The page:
obesity; parenting; child health; Mexican American health
Introduction: Mothers play an important role in preventing childhood obesity; however, might differ in how they define healthy weight and the associated consequences. Due to the lack of research investigating how Mexican American mothers perceive childhood obesity, the purpose of this paper is to qualitatively assess Mexican-American mothers’ perceptions regarding childhood obesity, its causes and consequences.
Methods: Three focus groups, two in Spanish and one in English, were conducted with 23 mothers in Bryan, TX. Thematic analysis was performed by three researchers independently using sentences as the unit of meaning.
Findings: Mexican American mothers believed that a child needs to be a healthy weight to be healthy; however, the mothers varied in their methods for determining if their child was at a healthy weight. Mothers identified several underlying causes of childhood obesity including genetics, parenting, household characteristics and culture.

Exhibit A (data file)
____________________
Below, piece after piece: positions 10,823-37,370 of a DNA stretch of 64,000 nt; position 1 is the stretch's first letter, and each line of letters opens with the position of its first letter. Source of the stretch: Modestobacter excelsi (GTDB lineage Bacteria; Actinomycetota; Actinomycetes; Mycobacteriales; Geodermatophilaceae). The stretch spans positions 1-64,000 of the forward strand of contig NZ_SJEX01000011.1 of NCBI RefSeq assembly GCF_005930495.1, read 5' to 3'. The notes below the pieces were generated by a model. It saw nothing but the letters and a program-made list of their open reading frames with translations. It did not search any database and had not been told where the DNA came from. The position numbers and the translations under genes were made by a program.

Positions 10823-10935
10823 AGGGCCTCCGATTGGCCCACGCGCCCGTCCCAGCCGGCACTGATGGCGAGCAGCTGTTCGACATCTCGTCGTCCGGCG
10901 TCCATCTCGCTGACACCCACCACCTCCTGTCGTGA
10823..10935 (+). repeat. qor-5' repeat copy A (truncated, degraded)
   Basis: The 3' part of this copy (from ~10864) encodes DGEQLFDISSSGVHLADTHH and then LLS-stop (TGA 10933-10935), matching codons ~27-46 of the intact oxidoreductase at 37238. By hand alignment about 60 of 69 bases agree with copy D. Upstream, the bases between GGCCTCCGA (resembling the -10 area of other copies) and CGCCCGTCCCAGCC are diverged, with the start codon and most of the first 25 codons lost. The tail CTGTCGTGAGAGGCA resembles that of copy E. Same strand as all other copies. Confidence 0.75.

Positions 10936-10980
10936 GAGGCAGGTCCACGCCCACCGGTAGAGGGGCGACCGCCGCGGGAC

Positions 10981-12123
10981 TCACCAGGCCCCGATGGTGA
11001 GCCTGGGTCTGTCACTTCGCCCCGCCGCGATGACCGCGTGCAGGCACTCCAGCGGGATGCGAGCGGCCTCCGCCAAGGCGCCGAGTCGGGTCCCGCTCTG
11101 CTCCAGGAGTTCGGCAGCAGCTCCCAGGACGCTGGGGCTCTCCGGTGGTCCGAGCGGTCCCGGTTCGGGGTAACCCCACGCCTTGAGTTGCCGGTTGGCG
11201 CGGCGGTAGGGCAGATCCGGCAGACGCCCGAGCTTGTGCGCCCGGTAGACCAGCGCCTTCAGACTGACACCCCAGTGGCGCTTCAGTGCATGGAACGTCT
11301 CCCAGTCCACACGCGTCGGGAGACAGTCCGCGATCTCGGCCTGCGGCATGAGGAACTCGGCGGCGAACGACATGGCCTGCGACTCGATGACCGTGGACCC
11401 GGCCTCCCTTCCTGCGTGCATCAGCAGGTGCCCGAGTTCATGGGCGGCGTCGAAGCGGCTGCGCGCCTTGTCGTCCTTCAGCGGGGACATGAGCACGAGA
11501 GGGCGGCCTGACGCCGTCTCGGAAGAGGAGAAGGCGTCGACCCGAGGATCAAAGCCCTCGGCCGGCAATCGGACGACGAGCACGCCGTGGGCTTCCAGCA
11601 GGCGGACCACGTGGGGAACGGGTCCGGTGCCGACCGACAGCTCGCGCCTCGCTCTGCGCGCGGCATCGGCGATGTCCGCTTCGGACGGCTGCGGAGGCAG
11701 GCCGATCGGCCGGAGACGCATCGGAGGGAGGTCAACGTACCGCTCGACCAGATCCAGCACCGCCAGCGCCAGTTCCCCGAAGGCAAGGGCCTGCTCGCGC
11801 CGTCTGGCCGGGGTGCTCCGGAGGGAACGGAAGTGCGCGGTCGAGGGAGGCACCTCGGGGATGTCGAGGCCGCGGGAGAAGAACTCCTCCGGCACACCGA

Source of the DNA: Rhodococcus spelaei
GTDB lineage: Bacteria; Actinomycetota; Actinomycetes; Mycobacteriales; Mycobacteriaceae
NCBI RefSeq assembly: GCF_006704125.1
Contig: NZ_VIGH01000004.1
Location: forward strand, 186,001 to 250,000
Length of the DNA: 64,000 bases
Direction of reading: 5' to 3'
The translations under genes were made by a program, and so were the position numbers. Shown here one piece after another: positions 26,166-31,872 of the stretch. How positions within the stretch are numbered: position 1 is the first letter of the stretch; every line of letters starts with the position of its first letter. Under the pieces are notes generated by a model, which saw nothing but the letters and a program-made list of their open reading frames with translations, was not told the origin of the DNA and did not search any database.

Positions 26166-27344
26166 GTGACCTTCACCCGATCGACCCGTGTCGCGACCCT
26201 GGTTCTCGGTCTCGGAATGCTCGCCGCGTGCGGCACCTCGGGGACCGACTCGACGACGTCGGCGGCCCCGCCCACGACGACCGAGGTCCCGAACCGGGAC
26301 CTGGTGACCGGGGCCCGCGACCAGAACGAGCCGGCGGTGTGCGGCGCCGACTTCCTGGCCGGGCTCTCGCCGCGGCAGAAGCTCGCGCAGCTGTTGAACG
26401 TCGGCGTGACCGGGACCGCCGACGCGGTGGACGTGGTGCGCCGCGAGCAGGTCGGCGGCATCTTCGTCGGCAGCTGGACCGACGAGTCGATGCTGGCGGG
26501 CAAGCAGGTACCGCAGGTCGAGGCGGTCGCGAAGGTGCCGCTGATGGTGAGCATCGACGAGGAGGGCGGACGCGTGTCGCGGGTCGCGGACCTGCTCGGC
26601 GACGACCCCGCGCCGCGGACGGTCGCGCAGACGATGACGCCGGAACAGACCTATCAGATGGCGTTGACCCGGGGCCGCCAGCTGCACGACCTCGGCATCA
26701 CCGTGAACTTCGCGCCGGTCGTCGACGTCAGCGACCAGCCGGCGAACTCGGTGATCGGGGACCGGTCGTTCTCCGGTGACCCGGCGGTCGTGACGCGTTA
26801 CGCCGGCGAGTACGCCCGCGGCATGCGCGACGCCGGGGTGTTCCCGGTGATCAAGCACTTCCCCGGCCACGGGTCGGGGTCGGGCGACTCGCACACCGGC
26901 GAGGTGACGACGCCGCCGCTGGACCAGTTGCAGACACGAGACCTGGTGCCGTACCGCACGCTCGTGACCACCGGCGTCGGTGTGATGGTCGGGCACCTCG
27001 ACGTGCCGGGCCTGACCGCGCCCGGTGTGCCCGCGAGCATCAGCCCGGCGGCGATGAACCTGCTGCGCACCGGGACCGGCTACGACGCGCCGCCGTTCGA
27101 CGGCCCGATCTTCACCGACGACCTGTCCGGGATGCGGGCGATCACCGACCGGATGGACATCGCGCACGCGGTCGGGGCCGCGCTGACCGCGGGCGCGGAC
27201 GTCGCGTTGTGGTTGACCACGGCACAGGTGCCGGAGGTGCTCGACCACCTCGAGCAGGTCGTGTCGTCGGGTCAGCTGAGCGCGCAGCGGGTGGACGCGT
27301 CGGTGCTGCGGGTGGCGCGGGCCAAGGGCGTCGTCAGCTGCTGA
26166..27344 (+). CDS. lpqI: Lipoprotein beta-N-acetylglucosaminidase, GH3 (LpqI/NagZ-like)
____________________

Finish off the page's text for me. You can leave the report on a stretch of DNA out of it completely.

Conclusion: Understanding the views of mothers of at-risk of rearing overweight children are important in elucidating effective strategies for preventing childhood obesity. Communication messages for this group might be more effective if they are contextualized within the culture, household and family.
Sosa, Erica T.; Mckyer, E. Lisako; Pruitt, Buzz; Goodson, Patricia; and Castillo, Linda
"THE COMPLEXITIES OF CHILDHOOD OBESITY: A QUALITATIVE STUDY AMONG MEXICAN AMERICAN MOTHERS,"
Journal of Health Disparities Research and Practice: Vol. 8
, Article 1.
Available at: https://digitalscholarship.unlv.edu/jhdrp/vol8/iss3/1